In the article ‘Making a police report (denuncia) in Spain’, David Ruiz explained what a denuncia is and how to go about making one. In this article he takes us through the right and the wrong way of doing it.
Since 2010 I’ve been helping my clients as their interpreter when making police reports. There are several types of mistakes I usually encounter:
- Providing documentation that has nothing to do with the report. Here's an example. Let’s say you're reporting someone you know because he threatened you yesterday. Do not bring an email that this person sent you seven years ago claiming (even if it was in a hostile tone) an electricity bill was not paid by you when he or she was the president of the community. When something or someone is reported, only evidence related to the events must be provided. Nothing else.
- Not bringing the original passport and (if it applies) the NIE number or Spanish residency. This is very basic. How do the police know it's you the person reporting and not someone else? Your passport is your main form of identification in Spain. Take it with you, not only to make police reports, but for any official procedure.
- Not telling what really matters. Let's see. If you're going to report that your car has been forced open to steal a jacket and a handbag, don’t tell police that "your children, of whom you see very little, and who have a house and beautiful children, often have told you not to leave the car windows opened. And that in your country these things do not happen, because when you were young …”. We must stick to the events: what, how, when, where, who, why, and provide evidence of your statement if possible. The rest is irrelevant.
- Not taking a professional interpreter to making the report. When I make official written translations of police reports, I notice sometimes, even without talking to the client, that the interpretation was not accurate; that it was very bad quality. This occurs in part because of what I mentioned in the previous point, and the speaking skills of an interpreter that possibly did not speak good Spanish (or English).
Case study (fictional example)
We have Neighbour A and Neighbour B, both from a European country other than Spain. The two neighbours live in the same community. In fact, both properties are next to each other.
They have certain friendship, until Neighbour B decides to put up a tent in is front yard. The tent blocks the sunlight towards Neighbour A’s property, and the walls of the tent make a lot of noise when it’s windy.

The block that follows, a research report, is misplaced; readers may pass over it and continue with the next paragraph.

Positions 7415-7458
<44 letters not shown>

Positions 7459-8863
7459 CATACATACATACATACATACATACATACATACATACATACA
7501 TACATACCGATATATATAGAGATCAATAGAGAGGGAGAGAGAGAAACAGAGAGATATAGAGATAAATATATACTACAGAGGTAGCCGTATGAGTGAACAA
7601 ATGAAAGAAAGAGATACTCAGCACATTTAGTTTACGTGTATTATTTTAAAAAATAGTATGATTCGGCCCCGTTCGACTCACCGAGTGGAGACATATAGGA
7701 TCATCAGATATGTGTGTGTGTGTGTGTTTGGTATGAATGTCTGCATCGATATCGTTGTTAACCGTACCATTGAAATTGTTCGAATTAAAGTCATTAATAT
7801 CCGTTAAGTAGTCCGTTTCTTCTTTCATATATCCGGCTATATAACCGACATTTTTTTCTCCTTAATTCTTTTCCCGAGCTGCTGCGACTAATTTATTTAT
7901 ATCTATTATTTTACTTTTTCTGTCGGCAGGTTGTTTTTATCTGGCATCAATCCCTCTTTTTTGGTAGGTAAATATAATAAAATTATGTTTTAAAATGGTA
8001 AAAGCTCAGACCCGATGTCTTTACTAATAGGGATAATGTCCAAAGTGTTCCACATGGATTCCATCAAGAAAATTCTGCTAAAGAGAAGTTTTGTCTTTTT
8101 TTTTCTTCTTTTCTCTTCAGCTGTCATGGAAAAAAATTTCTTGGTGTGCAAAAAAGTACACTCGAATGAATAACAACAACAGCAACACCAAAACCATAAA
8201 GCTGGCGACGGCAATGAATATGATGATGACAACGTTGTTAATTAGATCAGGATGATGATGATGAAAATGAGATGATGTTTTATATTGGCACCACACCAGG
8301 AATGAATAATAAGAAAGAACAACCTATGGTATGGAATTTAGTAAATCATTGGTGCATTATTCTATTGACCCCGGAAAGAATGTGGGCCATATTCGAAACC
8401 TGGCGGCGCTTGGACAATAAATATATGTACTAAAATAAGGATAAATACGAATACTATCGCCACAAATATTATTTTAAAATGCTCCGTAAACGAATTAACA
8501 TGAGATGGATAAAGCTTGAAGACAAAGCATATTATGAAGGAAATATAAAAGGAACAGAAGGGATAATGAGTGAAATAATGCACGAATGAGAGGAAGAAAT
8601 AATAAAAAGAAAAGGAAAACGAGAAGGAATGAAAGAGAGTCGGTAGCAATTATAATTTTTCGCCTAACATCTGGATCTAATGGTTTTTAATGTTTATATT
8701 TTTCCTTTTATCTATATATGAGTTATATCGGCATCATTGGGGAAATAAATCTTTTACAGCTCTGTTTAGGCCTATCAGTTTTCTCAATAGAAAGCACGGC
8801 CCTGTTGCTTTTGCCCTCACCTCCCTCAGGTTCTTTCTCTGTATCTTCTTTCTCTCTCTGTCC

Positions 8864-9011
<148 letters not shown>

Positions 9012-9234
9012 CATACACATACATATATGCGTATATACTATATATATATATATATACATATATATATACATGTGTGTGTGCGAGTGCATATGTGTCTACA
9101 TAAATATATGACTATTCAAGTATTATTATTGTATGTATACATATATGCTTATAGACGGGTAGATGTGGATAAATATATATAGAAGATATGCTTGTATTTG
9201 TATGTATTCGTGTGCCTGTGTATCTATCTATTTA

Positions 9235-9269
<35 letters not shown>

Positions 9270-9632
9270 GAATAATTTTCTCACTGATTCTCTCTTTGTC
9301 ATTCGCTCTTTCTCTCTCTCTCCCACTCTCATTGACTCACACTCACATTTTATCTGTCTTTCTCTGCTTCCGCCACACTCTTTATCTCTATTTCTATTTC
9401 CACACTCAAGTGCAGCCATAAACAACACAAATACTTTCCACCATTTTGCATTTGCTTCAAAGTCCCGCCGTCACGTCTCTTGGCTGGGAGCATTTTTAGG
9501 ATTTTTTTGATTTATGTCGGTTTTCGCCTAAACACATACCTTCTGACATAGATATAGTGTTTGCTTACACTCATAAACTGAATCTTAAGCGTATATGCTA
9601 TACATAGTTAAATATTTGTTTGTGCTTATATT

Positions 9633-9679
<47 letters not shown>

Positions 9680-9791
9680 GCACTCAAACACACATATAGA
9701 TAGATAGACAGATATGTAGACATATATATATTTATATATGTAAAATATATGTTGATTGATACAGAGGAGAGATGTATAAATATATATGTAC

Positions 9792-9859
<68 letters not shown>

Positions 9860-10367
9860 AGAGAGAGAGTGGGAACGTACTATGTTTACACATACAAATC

Neighbour A goes to see Neighbour B, who is in his the garden. Neighbour B refuses to remove the tent. A hot discussion sparks out and Neighbour B insults, disrespects and threats Neighbour A.
Another neighbour, let’s call him Neighbour C, witnesses the scene from his property. A few hours later, Neighbour A receives an email containing more insults and threats from Neighbour B.
How not to do it
Neighbour A decides to make a report at the Guardia Civil station, but he lets it go two weeks – wrong, the sooner it’s reported the better
Neighbour A does not take an interpreter with him to make the report – wrong, The Guardia Civil probably refuses to carry out the report. Or perhaps the officer can speak a little English and proceeds to do it. This leaves them to interpret events, possibly not very precisely since the officer is a public safety professional, not a interpreter.
Neighbour A has left his passport at home – wrong they can’t continue making the report anyway.
Neighbour A goes back home and, after he brings the passport, he realises that he has forgotten to print a copy of the email from “Neighbour B”.
Neighbour A has not spoken with Neighbour C, who witnessed all the verbal insults and threats. So, Neighbour A does not provide any witnesses.
Neighbour A does not remember all the insults and threats from Neighbour B, or the exact day or hour. It's been already 2 weeks.
Neighbour A does not even come back later to the Guardia Civil with Neighbour C, the witness, or even to deliver the email sent by Neighbour B. wrong – the report ends up in a simple statement where nothing can be proven, since there is no evidence to support the nature of the report.
How you should do it
Neighbour A goes to the Guardia Civil station the same day that he was verbally abused and sent the disrespecting / threatening email.
Neighbour A comes with an interpreter, as he does not speak Spanish and knows that in such a serious situation, it is better to have a professional interpreter siding with him.
Neighbour A takes his passport, NIE and / or Spanish residence with him.
Neighbour A prints out a copy of the email sent by Neighbour B. The paper has on top all the information related to the email (sender, recipient, subject, date).
Neighbour A also hands in a picture of the tent.
Neighbour A comes to the Guardia Civil station with Neighbour C, who witnessed the verbal abuse from his property.
After reading the case study that I have made up above, we can figure out that the most important aspects when making a police report in Spain are:
- Going immediately to the police / Guardia Civil station right after the events occur.
- Bringing your own interpreter if you do not speak Spanish, and don’t assume that the Guardia Civil speak English or that they will have their own interpreters, even though some stations do have their own ones.
- Identifying yourself correctly using your own passport, NIE and Spanish residence.
- Providing evidence including documents, photographs and witnesses if applicable. It is always better to bring as much as possible and let the Civil Guard determine what can be used, rather than not having anything as evidence.
About the author
David Ruiz is a professional and registered interpreter / translator and founder of Torrevieja Translation and Official Translators.
For more information: